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7 Responses to The Romney Eligibility Question

  1. SteveT

    Wednesday, February 8, 2012 at 9:29 PM

    JustThinking — Regarding Utah territory, here is a citation from Wikipedia:

    Quote: The Territory of Utah was an organized incorporated territory of the United States that existed from September 9, 1850, until January 4, 1896, when the final extent of the territory was admitted to the Union as the State of Utah.

    Source: http://en.wikipedia.org/wiki/Utah_Territory

    In FAM 1120, there is a separate section dealing specifically with “incorporated territories” (as opposed to “territories” in general). Anyone born in an incorporated territory is born “in” the United States as far as the 14th Amendment is concerned. So, if Gaskell was born in Utah, of parents not owing any allegiance to any foreign power, there is no question that he was a US citizen, by birth, as per the 14th Amendment.

    Whether he was a natural born citizen is a separate issue, but it doesn’t matter in this case.

    A foreign-born child (George) receives US citizenship from a US-citizen father (Gaskell). The mother’s (Anna’s) citizenship is irrelevant.

    Gaskell was born in 1871 in Utah, well after the 14th Amendment became part of the US Constitution, and well before the Supreme Court ruling regarding Wong Kim Ark.

    If you can show that, when Gaskell was born in Utah, he and/or his parents were subject to ANY sort of foreign jurisdiction, then I suppose you could argue that Gaskell was not really a US citizen at birth, according to the meaning of “jurisdiction” as originally intended by the framers of the 14th Amendment.

    I agree THAT would be a most interesting can of worms.

  2. JustThinking

    Wednesday, February 8, 2012 at 3:19 PM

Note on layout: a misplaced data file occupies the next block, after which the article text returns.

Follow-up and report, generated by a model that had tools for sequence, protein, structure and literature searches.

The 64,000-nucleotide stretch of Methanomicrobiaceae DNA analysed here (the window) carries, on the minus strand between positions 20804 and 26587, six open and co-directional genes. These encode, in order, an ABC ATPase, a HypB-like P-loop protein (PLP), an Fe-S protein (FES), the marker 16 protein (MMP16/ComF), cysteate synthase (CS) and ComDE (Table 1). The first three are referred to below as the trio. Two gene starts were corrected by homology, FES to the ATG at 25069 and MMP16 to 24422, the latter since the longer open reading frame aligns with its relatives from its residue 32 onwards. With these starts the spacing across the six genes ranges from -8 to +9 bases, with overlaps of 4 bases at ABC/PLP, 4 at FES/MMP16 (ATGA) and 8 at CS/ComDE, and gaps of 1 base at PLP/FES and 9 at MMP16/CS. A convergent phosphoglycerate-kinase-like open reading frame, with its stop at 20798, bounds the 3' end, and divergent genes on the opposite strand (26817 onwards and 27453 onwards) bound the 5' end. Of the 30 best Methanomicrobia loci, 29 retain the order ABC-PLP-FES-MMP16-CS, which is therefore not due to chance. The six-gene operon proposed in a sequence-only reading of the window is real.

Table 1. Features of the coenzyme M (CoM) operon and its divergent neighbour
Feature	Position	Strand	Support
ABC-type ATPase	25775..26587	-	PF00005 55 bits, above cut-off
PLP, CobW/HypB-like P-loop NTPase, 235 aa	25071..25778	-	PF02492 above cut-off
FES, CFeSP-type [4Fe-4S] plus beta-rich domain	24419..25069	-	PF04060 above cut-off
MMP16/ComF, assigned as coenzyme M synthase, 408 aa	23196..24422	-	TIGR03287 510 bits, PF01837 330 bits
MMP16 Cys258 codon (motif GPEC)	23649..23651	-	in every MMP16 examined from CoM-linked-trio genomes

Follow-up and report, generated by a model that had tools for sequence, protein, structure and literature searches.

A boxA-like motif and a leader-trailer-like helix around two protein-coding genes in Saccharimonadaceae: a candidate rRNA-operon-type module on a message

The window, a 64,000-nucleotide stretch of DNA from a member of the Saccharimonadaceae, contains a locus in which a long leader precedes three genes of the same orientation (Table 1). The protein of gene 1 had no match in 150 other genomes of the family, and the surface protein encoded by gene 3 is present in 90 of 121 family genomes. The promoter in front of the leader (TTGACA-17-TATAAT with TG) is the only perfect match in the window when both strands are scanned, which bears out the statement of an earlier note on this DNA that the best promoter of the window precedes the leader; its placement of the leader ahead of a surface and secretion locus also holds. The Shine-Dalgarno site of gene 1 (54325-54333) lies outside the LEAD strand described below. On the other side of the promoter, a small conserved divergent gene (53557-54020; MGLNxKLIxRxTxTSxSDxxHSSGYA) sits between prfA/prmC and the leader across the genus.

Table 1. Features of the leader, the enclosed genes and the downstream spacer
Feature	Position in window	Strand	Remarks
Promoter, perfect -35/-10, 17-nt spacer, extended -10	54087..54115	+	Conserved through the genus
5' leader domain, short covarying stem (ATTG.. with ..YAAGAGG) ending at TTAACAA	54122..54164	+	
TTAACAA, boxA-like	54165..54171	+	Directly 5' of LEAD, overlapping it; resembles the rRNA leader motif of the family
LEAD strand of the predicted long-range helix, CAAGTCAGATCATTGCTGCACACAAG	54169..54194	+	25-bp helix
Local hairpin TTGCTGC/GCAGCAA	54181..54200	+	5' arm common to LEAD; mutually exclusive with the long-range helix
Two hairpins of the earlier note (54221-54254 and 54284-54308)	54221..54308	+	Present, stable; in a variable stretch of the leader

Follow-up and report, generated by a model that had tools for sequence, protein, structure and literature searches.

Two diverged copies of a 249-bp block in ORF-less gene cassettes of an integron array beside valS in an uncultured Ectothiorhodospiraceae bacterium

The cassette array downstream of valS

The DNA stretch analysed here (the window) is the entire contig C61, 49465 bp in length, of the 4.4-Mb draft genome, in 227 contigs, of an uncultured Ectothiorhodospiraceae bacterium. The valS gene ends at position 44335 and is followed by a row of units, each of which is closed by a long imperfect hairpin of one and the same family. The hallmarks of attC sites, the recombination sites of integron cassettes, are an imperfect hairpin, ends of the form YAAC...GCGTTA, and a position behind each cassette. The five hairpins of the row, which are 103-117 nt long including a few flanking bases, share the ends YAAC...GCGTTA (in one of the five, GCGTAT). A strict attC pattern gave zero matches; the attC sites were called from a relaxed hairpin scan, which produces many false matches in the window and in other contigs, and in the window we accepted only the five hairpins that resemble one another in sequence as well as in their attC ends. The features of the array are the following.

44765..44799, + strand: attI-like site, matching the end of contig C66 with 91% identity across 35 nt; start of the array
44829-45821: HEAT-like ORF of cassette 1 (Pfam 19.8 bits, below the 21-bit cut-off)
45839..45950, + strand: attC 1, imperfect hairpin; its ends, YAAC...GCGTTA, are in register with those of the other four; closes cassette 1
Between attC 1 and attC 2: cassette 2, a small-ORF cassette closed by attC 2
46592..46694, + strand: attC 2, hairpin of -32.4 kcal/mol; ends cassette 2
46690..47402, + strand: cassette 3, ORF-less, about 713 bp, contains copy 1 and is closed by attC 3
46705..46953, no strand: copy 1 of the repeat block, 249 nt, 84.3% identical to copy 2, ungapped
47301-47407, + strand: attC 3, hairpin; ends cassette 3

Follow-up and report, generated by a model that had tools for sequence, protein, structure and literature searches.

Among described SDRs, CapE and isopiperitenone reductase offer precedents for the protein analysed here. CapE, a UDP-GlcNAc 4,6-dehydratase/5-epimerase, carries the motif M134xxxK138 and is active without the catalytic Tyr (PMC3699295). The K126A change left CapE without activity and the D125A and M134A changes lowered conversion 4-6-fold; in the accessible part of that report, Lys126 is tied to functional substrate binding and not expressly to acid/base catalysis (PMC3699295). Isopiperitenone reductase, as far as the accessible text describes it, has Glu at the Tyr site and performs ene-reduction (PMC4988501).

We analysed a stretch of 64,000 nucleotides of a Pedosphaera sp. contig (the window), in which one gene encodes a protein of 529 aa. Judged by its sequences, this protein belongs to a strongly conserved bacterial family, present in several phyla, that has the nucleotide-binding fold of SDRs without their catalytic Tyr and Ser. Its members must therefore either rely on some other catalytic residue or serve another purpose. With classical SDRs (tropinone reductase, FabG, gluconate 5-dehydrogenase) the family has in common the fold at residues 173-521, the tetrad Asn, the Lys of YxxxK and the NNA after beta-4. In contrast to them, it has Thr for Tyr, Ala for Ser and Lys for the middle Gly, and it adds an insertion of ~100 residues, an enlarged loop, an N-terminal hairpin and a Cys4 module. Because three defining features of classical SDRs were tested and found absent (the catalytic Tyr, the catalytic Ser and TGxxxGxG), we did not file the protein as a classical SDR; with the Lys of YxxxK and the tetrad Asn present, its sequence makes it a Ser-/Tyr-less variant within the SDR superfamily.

Steve T said: “Gaskell and Anna were US citizens by birth, because they were born in Utah when it was an organized incorporated territory. See page 2 of State Department document: http://www.state.gov/documents/organization/86756.pdf

    Where is the proof that Gaskell and Anna were US citizens? They were not born in the state of Utah. Gaskell Romney and Anna Amelia Pratt Romney were both born in the Territory of Utah in 1871 and 1876 respectively. In 1884 they moved to Mexico. In 1896 the Territory of Utah became a state.

    The State Department document that you referenced did not mention Utah by name. It also states the following about US territories:

    7 FAM 1121.2-2 Court Decisions: (TL:CON-66; 10-10-96) a. In the first decade of the 20th century, in a series of court cases often called the “Insular Cases”, the Supreme Court developed the rationale that, absent specific Congressional legislation or treaty provisions—
    (1) The Constitution has only limited applicability to U.S. territories; and
    (2) Inhabitants of territories acquired by the United States acquire U.S.
    nationality-but not U.S. citizenship.

    So did Gaskell and Anna Romney acquire US nationality but not US citizenship under the Insular Cases?

    And 7 FAM 1121.3 Status of Inhabitants of Territories, Absent Laws Defining Status
    (TL:CON-66; 10-10-96) c. A child born in an outlying possession before January 13, 1941, whose father (or mother if the child was born out of wedlock) was a non-citizen U.S. national, was held to have acquired the parent’s status, and a child born there to alien parents was held not to have acquired U.S. nationality.

    So when George W. Romney (Mitt’s father) was born in Mexico in 1907, what citizenship did he acquire from his parents?

  3. SteveT